When we make arrangements with food vendors and the “entertainment,” we explain what we are doing and many times we can arrange for a discounted rate (if we advertise the vendors). Many rabbanim have waived their speaking fee because they realize what a need it is to have singles be able to meet and connect with each other. Yes, there are out-of-pocket fees that organizers cover, and we are happy to do so; but when I was once accused of organizing an event “for the money,” that was untrue and hurtful. Some singles are even confrontational on the phone. I have been asked questions such as, “Why is your event different from others?” and “I want to bring three of my friends. They weren’t invited, but we will ‘make your event.’ If they can’t come, neither can I.” I almost want to tell them how rude they sound or tell them not to come, but I am always reminded that we are trying to help singles, so I never turn anyone away. But I always tell the people who ask why they should attend the event that they need to decide that on their own, and if they don’t want to, that is fine, as well.”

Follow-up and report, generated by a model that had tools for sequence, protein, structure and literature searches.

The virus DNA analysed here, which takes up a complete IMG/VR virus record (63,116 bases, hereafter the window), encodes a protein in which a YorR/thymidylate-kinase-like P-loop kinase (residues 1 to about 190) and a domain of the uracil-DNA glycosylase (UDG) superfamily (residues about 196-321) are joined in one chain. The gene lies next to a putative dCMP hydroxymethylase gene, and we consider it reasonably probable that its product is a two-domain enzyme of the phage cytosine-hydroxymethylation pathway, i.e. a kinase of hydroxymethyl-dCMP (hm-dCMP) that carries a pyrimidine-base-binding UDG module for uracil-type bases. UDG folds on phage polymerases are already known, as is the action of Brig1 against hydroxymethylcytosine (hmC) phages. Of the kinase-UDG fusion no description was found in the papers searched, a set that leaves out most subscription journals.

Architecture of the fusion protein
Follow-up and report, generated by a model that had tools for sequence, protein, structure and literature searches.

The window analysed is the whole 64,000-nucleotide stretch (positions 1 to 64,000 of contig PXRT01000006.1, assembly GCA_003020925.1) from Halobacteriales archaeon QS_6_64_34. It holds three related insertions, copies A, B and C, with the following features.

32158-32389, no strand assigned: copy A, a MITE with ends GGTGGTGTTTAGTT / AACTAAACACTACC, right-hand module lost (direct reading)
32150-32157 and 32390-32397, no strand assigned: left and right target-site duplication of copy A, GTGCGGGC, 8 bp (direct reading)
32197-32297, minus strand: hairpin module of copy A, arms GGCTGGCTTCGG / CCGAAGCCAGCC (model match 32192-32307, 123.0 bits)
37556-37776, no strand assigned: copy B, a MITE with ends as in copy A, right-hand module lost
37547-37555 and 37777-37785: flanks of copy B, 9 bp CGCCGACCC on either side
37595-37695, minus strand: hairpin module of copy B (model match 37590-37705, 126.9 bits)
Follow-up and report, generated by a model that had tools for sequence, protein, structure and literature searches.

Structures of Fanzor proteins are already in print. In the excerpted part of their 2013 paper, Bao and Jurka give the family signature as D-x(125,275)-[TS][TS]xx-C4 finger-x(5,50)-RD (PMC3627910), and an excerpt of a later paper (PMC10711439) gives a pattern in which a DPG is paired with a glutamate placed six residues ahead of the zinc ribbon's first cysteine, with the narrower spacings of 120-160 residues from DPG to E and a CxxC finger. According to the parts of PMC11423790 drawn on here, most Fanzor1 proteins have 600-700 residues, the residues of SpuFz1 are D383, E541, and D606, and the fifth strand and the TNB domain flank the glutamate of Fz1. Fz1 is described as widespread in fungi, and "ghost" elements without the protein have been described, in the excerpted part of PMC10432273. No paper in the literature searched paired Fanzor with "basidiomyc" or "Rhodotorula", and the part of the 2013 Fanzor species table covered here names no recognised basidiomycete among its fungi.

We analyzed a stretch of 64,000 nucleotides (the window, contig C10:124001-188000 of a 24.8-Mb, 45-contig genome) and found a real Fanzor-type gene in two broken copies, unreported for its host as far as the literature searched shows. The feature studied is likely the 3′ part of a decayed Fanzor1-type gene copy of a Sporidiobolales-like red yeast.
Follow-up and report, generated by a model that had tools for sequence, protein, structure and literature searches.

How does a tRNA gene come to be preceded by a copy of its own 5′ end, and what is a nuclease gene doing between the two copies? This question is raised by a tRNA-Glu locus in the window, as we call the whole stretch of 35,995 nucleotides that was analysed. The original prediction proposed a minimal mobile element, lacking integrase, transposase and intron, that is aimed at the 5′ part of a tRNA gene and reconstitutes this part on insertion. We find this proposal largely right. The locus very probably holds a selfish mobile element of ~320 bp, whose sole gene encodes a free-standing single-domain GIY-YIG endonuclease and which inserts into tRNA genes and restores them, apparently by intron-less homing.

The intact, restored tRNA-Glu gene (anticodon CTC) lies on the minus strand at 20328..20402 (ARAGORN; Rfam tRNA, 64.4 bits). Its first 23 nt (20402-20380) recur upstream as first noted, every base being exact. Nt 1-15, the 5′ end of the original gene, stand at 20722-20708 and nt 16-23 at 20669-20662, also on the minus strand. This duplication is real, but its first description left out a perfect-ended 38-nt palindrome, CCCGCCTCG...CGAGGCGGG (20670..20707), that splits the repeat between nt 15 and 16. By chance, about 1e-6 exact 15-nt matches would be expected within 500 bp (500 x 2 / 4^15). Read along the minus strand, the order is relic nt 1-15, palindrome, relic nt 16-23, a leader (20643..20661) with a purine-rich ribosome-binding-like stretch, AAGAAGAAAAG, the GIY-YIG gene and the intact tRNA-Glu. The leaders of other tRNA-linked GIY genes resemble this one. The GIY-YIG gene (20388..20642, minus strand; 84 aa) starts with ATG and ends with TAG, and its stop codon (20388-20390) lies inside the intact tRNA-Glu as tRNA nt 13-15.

Fast forward to the day or night of the event. Hours before the event, organizers are running around like “busy little bees” trying to take care of last-minute issues, which always arise. I remember once, another hostess called me up mid-panic-attack because the illusionist had just canceled due to illness. Luckily, a local rav was available to speak that night and gave a lighthearted 15-minute speech, which was spot on and well received by the singles. At the events that I have been a part of, the other shadchanim and I try to have lists ready (for our own use) of all the singles that had RSVP’d and their contact information and are ready to write down names of anyone they may want us to contact for them on their behalf after the event. We also have basic information of all those attending (age, hashkafah, schooling, career, etc.), in case we are asked by any single during the event about someone he or she is interested in, but is too shy to approach.